Working from home with kids at home is an entirely new experience for those not accustomed to it, writes Kristen Hare, who has broken down her suggestions for working parents at home into categories respective of the children’s ages - from babies and toddlers to middle schoolers and teens. The piece may be viewed at Poynter.org.
“Just because workers’ laptops are now nearby on their kitchen tables doesn’t mean managers can expect their workforce to be available 24/7,” points out Alison Green in her article “You Don’t Have to Work All the Time Now,” which may be read at slate.com. “People feel like they’re expected to be working every minute of the day—in ways they generally wouldn’t be expected to do when they’re in the office... Remote workers aren’t on a chain gang; they’ve just temporarily relocated their workspace.”
For people new to working at home, Masie recommends being mindful of your time not only to produce good quality work, but to avoid burning out.
“We’re people under stress. And if people are under stress, their ability to learn, for accuracy, and their ability to 100% focus goes down. So, things that might have taken a half-hour at work, now might take two hours,” Masie says. “You do need to monitor your stress level. And you may need to tell people to stop working, meaning they’re working 14 hours a day just because there is no going home. That’s not the deal and that’s not healthy.”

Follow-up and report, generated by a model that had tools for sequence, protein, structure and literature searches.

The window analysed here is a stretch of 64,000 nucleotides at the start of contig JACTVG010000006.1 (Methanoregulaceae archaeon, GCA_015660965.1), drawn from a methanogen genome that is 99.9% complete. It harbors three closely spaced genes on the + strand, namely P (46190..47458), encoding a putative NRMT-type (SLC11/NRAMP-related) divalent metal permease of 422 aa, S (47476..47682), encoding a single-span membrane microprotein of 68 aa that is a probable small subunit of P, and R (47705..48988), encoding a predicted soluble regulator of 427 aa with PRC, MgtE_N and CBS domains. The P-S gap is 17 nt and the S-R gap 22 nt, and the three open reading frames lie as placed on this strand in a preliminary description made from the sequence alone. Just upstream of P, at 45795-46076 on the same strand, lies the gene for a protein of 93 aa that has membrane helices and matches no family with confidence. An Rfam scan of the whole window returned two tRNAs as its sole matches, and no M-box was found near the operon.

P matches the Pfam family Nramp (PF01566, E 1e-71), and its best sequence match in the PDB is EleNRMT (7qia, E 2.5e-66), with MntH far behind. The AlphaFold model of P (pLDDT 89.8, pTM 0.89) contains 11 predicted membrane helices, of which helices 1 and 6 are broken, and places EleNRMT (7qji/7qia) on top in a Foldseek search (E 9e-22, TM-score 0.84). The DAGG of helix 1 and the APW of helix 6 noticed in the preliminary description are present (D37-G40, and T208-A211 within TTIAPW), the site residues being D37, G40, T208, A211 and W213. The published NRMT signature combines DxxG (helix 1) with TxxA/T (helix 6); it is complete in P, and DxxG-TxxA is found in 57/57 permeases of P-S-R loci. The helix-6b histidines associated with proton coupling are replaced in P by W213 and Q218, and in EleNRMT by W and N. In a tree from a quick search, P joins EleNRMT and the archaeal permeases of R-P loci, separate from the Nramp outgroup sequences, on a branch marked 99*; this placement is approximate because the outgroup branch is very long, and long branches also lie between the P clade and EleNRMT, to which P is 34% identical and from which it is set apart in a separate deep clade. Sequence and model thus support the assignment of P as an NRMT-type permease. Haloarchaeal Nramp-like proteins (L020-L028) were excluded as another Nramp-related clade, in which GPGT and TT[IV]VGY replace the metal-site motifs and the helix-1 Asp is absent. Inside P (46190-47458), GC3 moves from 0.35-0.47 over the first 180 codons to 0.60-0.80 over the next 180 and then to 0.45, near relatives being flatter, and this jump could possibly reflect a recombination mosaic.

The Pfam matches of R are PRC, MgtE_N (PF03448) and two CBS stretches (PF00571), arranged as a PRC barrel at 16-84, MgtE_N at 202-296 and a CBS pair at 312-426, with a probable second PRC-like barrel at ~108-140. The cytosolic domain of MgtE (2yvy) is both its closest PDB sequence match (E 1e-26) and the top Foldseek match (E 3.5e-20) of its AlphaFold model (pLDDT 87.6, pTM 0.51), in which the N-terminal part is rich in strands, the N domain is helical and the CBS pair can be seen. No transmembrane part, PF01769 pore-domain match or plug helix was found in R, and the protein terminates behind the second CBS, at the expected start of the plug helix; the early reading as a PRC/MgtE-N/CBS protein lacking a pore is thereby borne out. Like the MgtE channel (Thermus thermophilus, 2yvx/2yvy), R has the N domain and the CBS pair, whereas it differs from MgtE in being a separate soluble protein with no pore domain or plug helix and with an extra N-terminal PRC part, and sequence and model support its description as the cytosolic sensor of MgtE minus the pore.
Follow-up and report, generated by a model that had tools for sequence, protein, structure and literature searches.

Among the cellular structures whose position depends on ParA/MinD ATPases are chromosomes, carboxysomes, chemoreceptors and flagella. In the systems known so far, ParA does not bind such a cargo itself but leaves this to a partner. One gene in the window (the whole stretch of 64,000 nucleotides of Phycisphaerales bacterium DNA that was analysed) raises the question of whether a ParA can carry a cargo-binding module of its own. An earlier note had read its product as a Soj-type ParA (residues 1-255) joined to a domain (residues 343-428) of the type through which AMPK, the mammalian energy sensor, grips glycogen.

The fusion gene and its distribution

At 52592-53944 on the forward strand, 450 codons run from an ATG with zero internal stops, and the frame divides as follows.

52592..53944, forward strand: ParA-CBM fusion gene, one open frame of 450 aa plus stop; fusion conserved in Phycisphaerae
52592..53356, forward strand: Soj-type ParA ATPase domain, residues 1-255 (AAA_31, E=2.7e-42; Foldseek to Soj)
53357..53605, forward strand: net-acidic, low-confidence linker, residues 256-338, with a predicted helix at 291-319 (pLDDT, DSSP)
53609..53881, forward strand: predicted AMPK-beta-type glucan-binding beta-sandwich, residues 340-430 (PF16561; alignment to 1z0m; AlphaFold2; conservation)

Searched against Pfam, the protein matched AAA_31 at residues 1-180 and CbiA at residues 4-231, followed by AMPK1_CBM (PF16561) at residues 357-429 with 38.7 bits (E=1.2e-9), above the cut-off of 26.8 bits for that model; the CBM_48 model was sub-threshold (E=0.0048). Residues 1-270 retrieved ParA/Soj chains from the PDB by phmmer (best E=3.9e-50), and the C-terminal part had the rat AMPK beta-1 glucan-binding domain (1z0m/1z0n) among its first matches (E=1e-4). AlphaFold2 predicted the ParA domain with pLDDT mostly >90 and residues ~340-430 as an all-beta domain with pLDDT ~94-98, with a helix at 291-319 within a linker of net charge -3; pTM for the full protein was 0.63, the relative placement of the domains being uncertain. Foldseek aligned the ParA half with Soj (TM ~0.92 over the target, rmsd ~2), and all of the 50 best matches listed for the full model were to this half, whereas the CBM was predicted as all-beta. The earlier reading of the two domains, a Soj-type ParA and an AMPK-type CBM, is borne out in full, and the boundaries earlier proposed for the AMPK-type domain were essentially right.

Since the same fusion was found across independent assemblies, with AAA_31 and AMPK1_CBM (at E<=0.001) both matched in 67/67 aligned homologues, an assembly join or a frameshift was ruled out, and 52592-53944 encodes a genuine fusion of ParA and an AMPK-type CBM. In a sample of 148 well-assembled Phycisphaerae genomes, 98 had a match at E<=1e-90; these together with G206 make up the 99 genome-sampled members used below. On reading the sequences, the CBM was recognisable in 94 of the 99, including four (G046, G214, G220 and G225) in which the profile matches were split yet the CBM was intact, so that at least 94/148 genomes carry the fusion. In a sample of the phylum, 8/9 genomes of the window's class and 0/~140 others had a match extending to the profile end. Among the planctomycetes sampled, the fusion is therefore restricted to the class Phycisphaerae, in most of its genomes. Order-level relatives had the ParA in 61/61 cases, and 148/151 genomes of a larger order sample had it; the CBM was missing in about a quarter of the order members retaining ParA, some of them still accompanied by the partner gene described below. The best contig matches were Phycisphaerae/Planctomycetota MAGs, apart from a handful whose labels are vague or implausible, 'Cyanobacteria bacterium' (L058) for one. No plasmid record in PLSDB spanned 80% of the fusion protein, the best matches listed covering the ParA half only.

He also recommends limiting your news-watching time. “I tell people to find one hour a day where if you want to, need to, or choose to, to go get the news. Don’t do that all day long. I love news, talking about it, thinking about it - but it’s not really updating, in a sense. You talk to someone who went through Katrina, they’re not floating through the river with a transistor radio on. So, I think there’s a psychological balance that’s needed.”